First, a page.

In my second class, we took the fly-on-the-wall user research technique over to Vancouver’s Science World. As a class, we first took a look at an exhibit that often puzzles visitors because it’s not entirely obvious how one interacts with it. Simply put, it’s a table with two metal prongs located on each end with two buckets. A small sign is mounted flush against the table, describing that the metal rods are transmitting sound which is amplified by placing the bottom of the bucket against them. This exhibit is located among many other “hands on” exhibits. Here’s a (very rough) sketch of the table:
The exhibit curator described their typical visitors; the many incorrect ways they interact with the table and wondered if we might have a few ideas on how to make it more obvious how it works. In less than 10 minutes, the class took a look around at some of the more successful exhibits, what visitors are doing in general in the space and then generated a number of ideas of how to better present the exhibit.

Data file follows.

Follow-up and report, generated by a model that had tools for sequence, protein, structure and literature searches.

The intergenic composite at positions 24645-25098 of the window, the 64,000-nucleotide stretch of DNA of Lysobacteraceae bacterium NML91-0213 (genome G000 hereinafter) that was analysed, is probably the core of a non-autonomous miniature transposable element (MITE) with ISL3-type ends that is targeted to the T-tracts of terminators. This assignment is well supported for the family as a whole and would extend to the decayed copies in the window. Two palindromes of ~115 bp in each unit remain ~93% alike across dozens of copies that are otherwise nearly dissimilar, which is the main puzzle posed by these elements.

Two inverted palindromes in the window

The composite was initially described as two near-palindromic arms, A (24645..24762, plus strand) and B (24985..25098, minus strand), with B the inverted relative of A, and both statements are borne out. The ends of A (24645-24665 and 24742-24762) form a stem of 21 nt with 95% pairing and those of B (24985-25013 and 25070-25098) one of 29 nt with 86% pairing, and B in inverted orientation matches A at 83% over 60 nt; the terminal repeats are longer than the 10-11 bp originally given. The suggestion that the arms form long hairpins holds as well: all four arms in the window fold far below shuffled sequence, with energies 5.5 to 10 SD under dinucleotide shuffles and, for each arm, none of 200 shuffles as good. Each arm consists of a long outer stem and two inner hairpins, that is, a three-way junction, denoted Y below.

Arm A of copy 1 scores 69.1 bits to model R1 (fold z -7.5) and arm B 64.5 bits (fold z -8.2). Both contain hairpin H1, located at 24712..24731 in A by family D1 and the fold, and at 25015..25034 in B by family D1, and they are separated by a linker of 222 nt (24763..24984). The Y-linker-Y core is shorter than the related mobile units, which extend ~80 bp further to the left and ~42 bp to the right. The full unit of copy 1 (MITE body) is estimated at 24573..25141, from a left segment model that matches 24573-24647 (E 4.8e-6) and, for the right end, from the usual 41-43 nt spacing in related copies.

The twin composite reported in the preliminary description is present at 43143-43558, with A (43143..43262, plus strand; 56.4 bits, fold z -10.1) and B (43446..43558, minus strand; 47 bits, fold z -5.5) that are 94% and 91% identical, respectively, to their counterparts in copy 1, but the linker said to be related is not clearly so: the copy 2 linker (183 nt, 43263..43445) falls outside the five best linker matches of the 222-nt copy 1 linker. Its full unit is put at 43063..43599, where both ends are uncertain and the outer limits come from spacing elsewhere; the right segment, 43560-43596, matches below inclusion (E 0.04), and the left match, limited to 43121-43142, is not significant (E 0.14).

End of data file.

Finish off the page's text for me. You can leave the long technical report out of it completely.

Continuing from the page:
Here’s what we came up with:
A simple observation exercise like this isn’t necessarily meant to solve for all pain points or even solve for them in the best possible fashion. But it demonstrates the power of just taking a few minutes to sit back, absorb, and reflect on who is using a product and why; seeing if there’s a mismatch between that and its current incarnation; as well as thinking about how other similar products behave. From that, you can identify the barriers that prevent users from having a successful interaction and then idea generation takes off from there.
In an ideal world, a designer would go through this process by conducting some ethnographic research; defining personas/goals; then iterating through some solutions and perhaps doing a bit of validation/testing. But just because you don’t have time to do that doesn’t mean you need to forgo observation. Immersing yourself in the user’s world even for just a short time can pay off by helping to generate a pile of possible user-centered solutions.
Interested in the User Experience course I’m teaching? Here are more posts:
>The First Class: UX for the Real World
>The Second Class: Merchandizing in the Real World
>The Third Class: Learning from Whole Foods
>The Fourth Class: Usability Testing Tips
>The Fifth Class: Usability Audit/Report
>The Sixth Class: Lean Prototyping
>The Seventh Class: Prototyping as Storytelling
>The Ninth Class: Empathy & User-Centered Design